REGULATION ON INFORMATION AND COMMUNICATION TECHNOLOGIES AUTHORITY ADMINISTRATIVE PENALTIES

Please see ‘Shut-down of network and services’ above. In cases of war, mobilisation and/or public emergency BTK may take control of Vodafone’s network pursuant to Article 34 of the Regulation on Information and Communication Technologies Authority Administrative Penalties. BTK must have a written order from the government agencies responsible for public security and national defence to do so.

OVERSIGHT OF THE USE OF POWERS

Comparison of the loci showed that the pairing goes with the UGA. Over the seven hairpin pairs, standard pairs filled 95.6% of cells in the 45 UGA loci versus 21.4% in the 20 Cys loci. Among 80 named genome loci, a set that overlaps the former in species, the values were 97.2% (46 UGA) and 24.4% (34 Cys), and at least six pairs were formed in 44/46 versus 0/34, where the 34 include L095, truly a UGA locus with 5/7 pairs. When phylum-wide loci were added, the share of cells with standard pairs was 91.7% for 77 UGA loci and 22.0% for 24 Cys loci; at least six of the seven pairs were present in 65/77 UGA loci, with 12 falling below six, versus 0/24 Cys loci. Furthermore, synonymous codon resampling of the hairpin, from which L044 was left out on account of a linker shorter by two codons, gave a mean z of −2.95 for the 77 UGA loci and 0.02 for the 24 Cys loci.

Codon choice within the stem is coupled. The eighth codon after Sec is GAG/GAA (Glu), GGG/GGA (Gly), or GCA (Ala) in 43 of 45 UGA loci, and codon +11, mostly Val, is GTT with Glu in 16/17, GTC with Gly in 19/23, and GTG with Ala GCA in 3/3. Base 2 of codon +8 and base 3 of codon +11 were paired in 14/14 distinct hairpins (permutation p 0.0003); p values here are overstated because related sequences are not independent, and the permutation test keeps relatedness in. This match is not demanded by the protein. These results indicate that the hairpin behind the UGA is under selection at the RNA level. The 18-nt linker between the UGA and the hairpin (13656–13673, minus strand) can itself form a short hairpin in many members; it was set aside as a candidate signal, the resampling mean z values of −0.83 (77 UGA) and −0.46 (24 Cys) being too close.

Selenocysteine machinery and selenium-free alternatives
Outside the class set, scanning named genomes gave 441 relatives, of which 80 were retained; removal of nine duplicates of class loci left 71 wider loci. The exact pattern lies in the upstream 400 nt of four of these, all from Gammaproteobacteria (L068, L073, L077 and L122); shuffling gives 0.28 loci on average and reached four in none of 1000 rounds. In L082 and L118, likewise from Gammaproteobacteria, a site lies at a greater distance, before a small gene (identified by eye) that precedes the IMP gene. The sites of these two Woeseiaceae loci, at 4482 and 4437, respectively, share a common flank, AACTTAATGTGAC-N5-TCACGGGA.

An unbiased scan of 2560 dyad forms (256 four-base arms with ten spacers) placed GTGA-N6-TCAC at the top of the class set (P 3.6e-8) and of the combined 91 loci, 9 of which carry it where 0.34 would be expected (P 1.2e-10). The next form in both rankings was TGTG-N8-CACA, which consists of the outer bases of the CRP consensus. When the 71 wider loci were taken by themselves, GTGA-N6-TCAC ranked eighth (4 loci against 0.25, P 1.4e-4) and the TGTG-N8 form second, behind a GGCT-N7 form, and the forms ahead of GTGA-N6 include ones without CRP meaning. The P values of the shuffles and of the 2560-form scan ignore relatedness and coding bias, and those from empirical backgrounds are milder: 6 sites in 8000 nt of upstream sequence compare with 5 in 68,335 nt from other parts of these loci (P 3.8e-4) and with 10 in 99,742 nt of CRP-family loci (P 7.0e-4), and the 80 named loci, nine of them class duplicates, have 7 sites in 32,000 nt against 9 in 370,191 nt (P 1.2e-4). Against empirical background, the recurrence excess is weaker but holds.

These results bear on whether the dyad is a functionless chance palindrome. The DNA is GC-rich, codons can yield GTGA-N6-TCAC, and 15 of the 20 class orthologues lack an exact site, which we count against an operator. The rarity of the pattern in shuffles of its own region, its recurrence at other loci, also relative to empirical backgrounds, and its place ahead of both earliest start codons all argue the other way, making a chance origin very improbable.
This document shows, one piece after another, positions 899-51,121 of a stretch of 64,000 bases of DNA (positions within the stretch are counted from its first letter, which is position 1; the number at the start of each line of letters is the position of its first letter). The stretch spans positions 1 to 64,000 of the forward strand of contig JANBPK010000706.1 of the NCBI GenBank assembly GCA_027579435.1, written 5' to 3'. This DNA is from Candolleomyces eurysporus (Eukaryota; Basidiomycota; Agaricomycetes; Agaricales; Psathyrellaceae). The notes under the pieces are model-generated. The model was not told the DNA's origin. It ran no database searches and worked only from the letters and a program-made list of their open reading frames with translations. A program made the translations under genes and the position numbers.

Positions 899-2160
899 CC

BTK’s decisions are administrative acts and subject to legal procedures. Therefore a relevant party (for example, in the circumstances described above, a network operator such as Vodafone) could commence a lawsuit for cancellation of a decision taken by BTK before the relevant legal authorities.

Where the Chairman of TIB requests the blocking of a website or removal of certain content, that request is submitted to the Criminal Court of Peace for approval by a judge within 24 hours. The judge must then decide whether to approve the request within 48 hours.

This information was originally published in the Legal Annexe to the Vodafone Group Law Enforcement Disclosure Report in June of 2014, which was updated in February of 2015.